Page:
Rate- and State-dependent Friction (RSF) equations are commonly used to describe the time-dependent frictional response of fault gouge to perturbations in sliding velocity. Among the better-known versions are the Aging and Slip laws for the evolution of state. Although the Slip law is more successful, neither can predict all the robust features of lab data. RSF laws are also empirical, and their micromechanical origin is a matter of much debate. Here we use a granular-physics-based model to explore the extent to which RSF behavior, as observed in rock and gouge friction experiments, can be explained by the response of a granular gouge layer with time-independent properties at the contact scale. We examine slip histories for which abundant lab data are available, and find that the granular model (1) mimics the Slip law for those loading protocols where the Slip law accurately models laboratory data (velocity-step and slide-hold tests), and (2) deviates from the Slip law under conditions where the Slip law fails to match laboratory data (the reslide portions of slide-hold-slide tests), in the proper sense to better match those data. The simulations also indicate that state is sometimes decoupled from rock gouge porosity in a way that is inconsistent with traditional interpretations of` “state” in RSF. Finally, if the “granular temperature” of the gouge is suitably normalized by the confining pressure, it produces an estimate of the direct velocity effect (the RSF parameter a) that is consistent with our simulations, and in the ballpark of lab data.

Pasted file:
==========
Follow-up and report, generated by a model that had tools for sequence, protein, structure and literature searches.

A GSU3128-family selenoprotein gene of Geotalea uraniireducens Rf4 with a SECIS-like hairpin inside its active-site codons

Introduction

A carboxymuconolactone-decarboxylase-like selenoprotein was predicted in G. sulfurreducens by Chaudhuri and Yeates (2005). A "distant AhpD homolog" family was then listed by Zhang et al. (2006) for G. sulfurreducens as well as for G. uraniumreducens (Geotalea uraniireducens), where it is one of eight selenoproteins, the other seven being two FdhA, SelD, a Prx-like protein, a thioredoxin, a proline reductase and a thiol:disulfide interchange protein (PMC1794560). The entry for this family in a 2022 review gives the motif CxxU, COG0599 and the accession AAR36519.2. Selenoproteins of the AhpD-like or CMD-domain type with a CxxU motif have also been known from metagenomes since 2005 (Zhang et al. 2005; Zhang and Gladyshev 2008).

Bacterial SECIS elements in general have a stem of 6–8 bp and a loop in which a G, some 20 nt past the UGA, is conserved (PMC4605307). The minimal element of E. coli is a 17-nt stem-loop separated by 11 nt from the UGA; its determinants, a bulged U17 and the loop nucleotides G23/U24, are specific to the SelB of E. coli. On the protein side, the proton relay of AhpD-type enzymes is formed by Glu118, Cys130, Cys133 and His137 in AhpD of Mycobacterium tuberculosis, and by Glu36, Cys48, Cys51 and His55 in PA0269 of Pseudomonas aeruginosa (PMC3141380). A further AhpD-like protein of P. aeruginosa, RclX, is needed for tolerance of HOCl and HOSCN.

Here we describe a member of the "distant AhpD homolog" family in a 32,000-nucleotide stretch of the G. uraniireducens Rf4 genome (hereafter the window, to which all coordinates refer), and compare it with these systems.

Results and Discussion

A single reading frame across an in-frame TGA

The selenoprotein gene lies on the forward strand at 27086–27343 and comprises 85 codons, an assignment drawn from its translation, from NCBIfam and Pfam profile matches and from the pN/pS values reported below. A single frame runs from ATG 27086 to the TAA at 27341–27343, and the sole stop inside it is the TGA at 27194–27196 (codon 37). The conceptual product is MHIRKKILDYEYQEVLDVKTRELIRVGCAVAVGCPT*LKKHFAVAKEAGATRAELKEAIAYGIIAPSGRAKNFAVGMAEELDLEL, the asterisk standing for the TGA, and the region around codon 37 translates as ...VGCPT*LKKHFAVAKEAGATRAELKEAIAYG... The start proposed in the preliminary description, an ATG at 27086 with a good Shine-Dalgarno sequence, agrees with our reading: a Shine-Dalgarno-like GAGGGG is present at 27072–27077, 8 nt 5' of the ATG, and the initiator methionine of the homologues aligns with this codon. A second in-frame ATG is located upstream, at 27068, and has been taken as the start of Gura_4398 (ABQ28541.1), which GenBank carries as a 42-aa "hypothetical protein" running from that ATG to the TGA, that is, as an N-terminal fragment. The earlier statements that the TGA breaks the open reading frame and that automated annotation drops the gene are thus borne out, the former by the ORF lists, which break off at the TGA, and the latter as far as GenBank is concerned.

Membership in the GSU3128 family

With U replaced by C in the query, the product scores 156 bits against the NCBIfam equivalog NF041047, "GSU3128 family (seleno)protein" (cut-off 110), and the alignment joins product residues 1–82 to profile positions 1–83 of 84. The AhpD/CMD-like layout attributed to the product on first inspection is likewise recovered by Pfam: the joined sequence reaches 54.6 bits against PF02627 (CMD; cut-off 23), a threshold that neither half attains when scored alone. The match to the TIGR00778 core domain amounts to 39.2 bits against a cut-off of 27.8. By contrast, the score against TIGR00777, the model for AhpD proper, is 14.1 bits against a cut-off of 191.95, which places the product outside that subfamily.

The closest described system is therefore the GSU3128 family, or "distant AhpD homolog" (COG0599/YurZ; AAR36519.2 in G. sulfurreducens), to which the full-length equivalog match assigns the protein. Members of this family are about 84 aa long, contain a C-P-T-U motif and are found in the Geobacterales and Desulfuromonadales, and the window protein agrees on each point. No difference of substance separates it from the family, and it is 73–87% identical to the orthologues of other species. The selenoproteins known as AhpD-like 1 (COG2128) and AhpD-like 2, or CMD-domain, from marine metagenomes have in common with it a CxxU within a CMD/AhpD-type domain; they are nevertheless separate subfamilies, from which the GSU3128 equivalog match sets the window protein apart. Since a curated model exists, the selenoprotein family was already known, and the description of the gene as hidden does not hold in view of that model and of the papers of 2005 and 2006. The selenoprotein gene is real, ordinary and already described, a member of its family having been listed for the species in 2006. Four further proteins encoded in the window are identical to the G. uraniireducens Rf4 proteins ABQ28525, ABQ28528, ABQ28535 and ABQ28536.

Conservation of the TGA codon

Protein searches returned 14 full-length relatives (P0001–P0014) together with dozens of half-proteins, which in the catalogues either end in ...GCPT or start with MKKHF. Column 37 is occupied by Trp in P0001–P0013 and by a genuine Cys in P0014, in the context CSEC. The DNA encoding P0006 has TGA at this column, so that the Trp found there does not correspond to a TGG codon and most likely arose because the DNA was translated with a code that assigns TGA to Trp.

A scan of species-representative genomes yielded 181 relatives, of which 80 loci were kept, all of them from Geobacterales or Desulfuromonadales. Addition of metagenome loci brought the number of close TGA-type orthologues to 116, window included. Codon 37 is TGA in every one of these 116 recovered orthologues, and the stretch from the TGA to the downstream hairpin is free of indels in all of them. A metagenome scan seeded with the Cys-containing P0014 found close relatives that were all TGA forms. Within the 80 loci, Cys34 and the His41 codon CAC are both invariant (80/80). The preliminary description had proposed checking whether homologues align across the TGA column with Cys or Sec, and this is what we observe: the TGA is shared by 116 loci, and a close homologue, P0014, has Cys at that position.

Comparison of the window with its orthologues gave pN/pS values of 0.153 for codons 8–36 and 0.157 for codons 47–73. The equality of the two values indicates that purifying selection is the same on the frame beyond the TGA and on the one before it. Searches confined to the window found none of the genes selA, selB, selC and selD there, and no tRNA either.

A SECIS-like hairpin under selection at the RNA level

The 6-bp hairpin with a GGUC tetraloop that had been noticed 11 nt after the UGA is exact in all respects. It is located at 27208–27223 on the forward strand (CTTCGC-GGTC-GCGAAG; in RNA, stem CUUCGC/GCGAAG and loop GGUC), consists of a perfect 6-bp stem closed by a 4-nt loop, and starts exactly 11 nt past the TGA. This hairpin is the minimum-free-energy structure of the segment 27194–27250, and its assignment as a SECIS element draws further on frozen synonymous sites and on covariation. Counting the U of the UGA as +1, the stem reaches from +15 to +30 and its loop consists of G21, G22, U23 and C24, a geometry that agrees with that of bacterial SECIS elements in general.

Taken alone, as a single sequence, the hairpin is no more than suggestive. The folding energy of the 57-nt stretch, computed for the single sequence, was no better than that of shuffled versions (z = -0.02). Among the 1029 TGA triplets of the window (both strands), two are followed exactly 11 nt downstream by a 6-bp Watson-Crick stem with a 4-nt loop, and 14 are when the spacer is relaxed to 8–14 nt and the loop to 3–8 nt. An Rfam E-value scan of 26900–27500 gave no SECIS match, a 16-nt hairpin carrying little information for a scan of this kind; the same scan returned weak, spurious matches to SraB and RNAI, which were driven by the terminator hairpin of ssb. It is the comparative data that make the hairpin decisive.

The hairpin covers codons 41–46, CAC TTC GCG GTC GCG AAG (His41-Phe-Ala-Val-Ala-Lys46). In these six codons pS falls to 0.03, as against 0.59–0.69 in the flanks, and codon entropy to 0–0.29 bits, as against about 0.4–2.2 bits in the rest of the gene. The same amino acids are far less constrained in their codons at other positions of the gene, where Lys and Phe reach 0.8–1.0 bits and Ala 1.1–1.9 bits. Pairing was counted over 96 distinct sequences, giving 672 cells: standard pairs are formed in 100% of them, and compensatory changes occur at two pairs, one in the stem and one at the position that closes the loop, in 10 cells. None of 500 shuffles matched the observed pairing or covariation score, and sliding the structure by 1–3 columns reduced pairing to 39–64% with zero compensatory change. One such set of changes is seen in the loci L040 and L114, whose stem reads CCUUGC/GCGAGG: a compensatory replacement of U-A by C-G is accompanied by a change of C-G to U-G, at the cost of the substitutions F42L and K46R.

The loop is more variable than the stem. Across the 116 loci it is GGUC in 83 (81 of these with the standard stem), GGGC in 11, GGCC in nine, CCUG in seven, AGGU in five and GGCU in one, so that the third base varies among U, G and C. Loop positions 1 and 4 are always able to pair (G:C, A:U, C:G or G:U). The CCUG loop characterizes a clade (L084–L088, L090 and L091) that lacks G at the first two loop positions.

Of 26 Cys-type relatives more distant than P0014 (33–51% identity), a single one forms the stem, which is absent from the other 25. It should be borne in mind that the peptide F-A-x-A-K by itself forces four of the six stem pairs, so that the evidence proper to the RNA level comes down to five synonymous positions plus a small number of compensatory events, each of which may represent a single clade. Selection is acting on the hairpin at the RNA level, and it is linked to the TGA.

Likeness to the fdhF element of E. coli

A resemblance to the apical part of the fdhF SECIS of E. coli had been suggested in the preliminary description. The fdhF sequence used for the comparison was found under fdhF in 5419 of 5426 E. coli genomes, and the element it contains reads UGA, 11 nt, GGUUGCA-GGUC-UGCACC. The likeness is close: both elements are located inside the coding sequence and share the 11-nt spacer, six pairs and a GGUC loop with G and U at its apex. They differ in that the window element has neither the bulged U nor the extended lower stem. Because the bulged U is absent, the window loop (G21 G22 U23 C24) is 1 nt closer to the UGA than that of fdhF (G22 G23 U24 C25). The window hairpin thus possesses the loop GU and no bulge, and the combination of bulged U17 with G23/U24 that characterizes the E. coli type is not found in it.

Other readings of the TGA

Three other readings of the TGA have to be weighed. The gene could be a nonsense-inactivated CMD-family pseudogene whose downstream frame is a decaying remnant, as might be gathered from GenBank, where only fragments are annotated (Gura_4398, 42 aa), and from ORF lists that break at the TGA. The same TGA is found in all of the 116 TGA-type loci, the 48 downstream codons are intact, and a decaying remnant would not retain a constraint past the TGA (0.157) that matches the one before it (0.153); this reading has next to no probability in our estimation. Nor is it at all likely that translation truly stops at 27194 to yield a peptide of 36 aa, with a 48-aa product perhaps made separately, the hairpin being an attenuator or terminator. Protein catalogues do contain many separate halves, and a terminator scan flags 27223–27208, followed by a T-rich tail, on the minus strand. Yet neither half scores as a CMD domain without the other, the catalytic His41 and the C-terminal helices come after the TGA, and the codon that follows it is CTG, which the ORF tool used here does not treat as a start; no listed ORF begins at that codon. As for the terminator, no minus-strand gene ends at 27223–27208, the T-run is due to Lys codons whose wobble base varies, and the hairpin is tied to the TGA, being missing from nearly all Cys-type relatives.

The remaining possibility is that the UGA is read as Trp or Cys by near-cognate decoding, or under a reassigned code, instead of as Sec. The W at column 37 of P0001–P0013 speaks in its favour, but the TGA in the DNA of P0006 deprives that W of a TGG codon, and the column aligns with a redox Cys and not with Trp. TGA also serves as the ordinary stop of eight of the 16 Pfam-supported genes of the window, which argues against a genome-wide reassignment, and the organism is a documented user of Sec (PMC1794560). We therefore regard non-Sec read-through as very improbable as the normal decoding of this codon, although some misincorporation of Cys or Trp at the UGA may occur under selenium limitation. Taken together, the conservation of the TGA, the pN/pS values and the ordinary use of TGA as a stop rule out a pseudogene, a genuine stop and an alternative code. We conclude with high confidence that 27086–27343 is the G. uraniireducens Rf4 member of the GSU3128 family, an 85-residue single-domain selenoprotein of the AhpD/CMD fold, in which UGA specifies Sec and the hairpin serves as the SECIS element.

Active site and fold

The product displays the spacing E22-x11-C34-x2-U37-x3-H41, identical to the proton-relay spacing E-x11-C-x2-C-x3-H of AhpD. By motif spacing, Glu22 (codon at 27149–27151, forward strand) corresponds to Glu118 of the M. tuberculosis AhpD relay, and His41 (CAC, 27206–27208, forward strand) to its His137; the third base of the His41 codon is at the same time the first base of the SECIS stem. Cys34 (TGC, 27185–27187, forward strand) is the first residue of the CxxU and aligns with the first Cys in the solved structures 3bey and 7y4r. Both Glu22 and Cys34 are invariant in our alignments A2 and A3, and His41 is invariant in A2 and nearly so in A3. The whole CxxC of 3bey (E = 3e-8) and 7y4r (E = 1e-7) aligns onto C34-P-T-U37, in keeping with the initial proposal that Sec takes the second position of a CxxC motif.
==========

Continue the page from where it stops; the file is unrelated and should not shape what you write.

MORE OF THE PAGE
Speaker: Behrooz Ferdosi, Princeton Univ.
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